1.A name given by national servicemen to the last few weeks of (compulsory) military service. Also attributive, and as an interjection.
1971 Radio South Africa 31 Dec.The only reason we could bear to cross them (sc. weekends) off at all was that any crossing off of days brought us nearer and nearer to the end of yet another term — like the army and their ‘min dae’.
1975J.H. Picard inEng. Usage in Sn Afr.Vol.6No.1, 36New recruits are called roofies, a roof becomes a blougat when he is halfway through his course, and when he has almost completed his training period he has min dae and is raised to the exalted ranks of the oumanne.
1977G. Hugo inQuarry ’77 95‘Don’t tell anyone, hey, but you’re going to be permanently discharged.’ His thick face breaks into a grin. ‘Min dae, hey.’
1979P. Wilhelm inStaffriderVol.2No.3, 15Sometimes they listened to the radio, to the messages on ‘Forces Favourites’ all about ‘missing you my darling’; and ‘longing to see you’ and ‘vasbyt’ and ‘min dae’.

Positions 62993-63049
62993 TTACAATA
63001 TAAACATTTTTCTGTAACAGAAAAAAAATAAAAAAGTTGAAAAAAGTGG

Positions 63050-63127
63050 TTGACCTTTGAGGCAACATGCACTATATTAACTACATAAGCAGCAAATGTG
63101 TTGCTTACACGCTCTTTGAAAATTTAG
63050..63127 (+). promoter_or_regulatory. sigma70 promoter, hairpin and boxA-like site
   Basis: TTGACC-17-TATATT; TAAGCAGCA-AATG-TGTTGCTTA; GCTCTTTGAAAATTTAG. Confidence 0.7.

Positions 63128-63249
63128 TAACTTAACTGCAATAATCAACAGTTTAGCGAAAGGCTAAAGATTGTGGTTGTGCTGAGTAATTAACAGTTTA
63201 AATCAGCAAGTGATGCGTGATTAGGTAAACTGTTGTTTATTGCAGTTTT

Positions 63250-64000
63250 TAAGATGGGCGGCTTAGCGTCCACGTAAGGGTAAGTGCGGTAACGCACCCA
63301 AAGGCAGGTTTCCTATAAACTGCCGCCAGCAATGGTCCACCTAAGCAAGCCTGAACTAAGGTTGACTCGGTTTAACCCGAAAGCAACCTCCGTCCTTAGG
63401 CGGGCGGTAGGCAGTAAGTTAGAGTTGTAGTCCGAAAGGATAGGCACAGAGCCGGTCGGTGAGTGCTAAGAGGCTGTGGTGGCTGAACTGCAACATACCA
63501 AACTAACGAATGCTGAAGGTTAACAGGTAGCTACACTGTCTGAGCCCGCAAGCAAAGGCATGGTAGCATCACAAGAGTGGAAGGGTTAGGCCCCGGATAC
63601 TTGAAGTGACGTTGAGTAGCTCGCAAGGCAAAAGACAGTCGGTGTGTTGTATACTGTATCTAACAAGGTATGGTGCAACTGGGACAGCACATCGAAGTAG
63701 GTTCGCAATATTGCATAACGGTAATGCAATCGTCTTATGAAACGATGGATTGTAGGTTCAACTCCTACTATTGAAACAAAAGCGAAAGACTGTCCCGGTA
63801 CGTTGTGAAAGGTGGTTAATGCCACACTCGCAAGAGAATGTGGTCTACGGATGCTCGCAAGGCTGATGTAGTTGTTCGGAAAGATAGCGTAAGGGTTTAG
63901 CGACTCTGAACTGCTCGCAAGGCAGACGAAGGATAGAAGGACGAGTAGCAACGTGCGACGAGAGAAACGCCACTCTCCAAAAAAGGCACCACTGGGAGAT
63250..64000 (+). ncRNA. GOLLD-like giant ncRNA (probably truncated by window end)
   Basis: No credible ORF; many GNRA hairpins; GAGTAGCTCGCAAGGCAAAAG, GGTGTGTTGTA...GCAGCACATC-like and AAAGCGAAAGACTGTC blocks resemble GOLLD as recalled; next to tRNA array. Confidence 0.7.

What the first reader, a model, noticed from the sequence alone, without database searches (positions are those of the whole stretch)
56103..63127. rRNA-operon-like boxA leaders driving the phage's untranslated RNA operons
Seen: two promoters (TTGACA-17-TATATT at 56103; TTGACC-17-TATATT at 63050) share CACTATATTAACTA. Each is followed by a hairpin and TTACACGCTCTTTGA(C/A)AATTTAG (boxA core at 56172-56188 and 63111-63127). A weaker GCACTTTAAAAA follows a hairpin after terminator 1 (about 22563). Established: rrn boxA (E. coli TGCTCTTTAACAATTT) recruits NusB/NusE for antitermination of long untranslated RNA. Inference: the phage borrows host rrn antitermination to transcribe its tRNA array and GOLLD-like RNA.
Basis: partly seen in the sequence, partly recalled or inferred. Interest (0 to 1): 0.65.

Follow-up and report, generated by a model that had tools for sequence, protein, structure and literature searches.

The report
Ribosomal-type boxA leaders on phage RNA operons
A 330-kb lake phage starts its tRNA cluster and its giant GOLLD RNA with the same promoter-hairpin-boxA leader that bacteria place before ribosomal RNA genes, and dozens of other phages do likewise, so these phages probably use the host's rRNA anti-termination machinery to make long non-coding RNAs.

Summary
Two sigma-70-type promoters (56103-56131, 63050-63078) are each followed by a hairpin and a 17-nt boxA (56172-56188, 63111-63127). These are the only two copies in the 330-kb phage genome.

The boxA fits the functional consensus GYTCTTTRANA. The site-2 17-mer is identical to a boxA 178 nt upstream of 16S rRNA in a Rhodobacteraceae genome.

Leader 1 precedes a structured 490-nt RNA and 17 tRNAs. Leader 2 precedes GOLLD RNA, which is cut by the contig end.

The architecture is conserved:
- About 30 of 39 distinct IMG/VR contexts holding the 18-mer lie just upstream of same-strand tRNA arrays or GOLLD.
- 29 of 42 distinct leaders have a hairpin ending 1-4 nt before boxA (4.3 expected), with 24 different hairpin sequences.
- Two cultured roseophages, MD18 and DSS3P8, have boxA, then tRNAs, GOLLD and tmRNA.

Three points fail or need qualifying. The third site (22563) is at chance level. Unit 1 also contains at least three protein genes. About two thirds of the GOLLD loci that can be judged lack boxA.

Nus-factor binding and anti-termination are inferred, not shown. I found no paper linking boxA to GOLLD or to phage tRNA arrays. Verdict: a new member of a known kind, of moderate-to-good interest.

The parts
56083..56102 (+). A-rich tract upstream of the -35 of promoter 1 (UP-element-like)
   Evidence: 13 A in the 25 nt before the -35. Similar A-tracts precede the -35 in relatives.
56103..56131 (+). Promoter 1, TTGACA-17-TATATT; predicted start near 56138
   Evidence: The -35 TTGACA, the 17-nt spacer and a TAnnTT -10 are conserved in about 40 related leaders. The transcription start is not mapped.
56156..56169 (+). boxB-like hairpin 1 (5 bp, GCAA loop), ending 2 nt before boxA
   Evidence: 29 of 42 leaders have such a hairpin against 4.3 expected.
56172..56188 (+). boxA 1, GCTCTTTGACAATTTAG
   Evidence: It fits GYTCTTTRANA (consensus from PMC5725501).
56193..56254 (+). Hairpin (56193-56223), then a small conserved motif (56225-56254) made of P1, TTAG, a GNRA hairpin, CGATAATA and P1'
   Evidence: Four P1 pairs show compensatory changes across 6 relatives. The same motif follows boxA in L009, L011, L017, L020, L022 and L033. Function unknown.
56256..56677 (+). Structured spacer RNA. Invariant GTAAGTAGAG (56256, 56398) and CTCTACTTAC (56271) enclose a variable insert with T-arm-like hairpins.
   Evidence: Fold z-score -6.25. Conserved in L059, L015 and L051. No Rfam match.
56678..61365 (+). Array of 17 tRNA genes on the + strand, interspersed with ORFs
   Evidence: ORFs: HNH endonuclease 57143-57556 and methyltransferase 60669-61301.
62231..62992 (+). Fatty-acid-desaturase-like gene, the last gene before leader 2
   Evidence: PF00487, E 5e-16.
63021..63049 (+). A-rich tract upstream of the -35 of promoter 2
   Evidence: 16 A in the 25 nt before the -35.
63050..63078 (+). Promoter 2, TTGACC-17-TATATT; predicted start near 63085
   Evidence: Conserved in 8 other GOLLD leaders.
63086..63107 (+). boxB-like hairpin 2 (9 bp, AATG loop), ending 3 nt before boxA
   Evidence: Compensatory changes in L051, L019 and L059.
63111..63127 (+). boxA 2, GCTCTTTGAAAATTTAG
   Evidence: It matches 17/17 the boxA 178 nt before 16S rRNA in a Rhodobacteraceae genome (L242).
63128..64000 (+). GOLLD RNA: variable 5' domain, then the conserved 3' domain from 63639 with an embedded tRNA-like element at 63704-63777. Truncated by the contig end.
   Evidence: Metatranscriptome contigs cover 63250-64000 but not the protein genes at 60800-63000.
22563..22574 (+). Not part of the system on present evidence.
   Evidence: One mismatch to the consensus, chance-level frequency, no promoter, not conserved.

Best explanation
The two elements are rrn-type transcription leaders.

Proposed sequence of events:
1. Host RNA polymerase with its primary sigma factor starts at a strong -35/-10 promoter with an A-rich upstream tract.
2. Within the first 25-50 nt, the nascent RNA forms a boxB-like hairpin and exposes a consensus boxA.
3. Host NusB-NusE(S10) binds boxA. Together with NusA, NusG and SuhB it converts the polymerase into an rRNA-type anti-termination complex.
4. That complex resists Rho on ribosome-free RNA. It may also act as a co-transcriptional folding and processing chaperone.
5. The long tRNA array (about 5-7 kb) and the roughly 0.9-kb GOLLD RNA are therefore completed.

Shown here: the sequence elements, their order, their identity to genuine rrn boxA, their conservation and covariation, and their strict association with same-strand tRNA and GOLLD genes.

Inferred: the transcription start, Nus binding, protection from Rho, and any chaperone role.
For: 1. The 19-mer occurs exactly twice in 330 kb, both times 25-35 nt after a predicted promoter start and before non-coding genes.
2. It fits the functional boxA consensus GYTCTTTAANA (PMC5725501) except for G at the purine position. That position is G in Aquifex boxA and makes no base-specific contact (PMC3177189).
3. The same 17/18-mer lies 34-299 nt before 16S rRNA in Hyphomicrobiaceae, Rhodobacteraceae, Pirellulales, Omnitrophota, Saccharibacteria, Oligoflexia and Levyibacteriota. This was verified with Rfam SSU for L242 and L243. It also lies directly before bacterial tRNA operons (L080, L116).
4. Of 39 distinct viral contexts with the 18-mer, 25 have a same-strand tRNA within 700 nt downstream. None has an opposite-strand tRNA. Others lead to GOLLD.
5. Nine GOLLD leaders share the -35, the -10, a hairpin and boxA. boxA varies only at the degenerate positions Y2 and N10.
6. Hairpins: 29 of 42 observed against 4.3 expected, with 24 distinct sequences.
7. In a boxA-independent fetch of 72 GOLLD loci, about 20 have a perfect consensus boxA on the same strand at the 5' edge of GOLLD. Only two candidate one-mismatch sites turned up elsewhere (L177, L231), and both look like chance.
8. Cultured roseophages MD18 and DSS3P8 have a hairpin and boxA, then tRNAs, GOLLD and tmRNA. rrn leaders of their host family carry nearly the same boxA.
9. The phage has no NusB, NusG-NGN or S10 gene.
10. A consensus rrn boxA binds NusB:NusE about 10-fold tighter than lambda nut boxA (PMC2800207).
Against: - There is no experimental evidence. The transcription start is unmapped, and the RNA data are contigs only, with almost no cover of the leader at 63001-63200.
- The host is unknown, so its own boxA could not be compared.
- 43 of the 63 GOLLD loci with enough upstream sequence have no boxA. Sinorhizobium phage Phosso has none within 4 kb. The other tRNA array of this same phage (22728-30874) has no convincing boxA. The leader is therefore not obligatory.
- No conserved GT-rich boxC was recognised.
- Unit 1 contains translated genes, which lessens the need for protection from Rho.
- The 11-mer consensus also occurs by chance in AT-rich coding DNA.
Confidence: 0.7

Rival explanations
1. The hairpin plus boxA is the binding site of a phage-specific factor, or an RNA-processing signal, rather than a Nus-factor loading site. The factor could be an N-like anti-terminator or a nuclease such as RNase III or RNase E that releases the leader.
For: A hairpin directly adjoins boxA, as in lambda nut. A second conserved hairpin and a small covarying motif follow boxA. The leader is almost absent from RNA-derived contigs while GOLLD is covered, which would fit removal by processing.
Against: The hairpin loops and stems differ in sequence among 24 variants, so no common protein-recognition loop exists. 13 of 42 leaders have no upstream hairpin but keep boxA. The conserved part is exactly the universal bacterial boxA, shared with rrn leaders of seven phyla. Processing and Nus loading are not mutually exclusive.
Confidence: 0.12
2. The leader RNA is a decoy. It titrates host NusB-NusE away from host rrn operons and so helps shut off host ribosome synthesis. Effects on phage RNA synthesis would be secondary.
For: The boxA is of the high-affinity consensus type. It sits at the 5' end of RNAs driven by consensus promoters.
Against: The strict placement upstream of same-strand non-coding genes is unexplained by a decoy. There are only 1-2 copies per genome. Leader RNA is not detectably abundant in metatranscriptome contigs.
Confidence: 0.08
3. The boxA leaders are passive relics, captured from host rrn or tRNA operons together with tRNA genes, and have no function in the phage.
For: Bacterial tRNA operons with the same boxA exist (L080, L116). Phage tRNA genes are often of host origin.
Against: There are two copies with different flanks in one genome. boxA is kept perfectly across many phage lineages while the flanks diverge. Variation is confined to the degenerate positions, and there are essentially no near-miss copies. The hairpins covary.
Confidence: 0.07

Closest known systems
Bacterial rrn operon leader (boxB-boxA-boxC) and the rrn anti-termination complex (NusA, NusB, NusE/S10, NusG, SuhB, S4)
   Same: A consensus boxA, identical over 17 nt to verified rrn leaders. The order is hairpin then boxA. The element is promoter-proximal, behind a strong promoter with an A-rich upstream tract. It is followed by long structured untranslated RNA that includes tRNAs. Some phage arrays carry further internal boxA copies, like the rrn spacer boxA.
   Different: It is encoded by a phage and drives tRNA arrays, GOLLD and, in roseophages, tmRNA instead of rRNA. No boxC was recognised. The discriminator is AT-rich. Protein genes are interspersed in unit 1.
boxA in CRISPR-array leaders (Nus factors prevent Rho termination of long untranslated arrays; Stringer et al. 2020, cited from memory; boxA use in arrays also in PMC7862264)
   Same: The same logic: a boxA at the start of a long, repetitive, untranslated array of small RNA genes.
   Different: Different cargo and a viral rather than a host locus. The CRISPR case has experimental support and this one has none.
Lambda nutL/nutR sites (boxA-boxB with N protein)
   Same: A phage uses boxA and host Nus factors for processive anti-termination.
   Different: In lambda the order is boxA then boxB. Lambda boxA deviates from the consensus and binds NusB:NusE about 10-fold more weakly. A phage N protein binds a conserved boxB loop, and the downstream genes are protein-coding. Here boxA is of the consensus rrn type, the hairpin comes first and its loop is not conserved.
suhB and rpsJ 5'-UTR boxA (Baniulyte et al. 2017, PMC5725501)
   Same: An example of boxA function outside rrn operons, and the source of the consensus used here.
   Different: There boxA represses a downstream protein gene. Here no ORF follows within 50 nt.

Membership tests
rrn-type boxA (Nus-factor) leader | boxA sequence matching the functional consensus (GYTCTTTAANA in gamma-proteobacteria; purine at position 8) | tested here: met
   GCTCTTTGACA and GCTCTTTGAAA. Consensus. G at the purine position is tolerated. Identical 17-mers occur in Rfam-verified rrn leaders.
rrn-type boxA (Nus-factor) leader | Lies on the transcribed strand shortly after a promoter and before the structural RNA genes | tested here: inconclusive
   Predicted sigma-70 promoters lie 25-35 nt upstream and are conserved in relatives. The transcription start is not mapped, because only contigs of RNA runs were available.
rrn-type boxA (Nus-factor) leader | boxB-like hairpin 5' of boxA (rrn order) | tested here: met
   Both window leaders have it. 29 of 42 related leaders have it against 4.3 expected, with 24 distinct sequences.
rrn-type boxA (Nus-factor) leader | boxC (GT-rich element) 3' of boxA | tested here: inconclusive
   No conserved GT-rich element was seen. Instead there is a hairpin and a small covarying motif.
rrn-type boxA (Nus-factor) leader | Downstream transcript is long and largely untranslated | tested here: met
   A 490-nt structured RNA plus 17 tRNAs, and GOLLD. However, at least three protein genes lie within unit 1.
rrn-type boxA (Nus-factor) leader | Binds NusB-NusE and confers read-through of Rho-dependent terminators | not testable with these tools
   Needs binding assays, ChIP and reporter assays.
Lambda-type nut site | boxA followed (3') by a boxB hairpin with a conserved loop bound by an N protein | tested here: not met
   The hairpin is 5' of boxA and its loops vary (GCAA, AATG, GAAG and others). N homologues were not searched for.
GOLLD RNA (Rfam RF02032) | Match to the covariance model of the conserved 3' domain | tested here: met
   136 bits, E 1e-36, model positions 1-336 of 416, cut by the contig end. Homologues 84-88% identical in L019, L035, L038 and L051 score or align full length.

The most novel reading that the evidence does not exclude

1985W. Steenkamp inCape Times 23 Jan. 6National servicemen who are suffering from galloping ‘min dae’ fever and don’t give a hoot about anything.
1985P. SlabolepszySat. Night at Palace 19You really are as thick as pigshit, hey? How long you been sitting on this? You know what this means? Army — border — vasbyt — min dae. This could be it, my china. The ultimate summons from that Great Cop in the Sky!!
1986Informant, DurbanHe’s got mindae in the army now.
1987Personality 30 Sept. 10Liebenberg had less than a month’s national service to complete before his demobilisation — the min dae of affectionate letters and radio broadcasts to our troopies.
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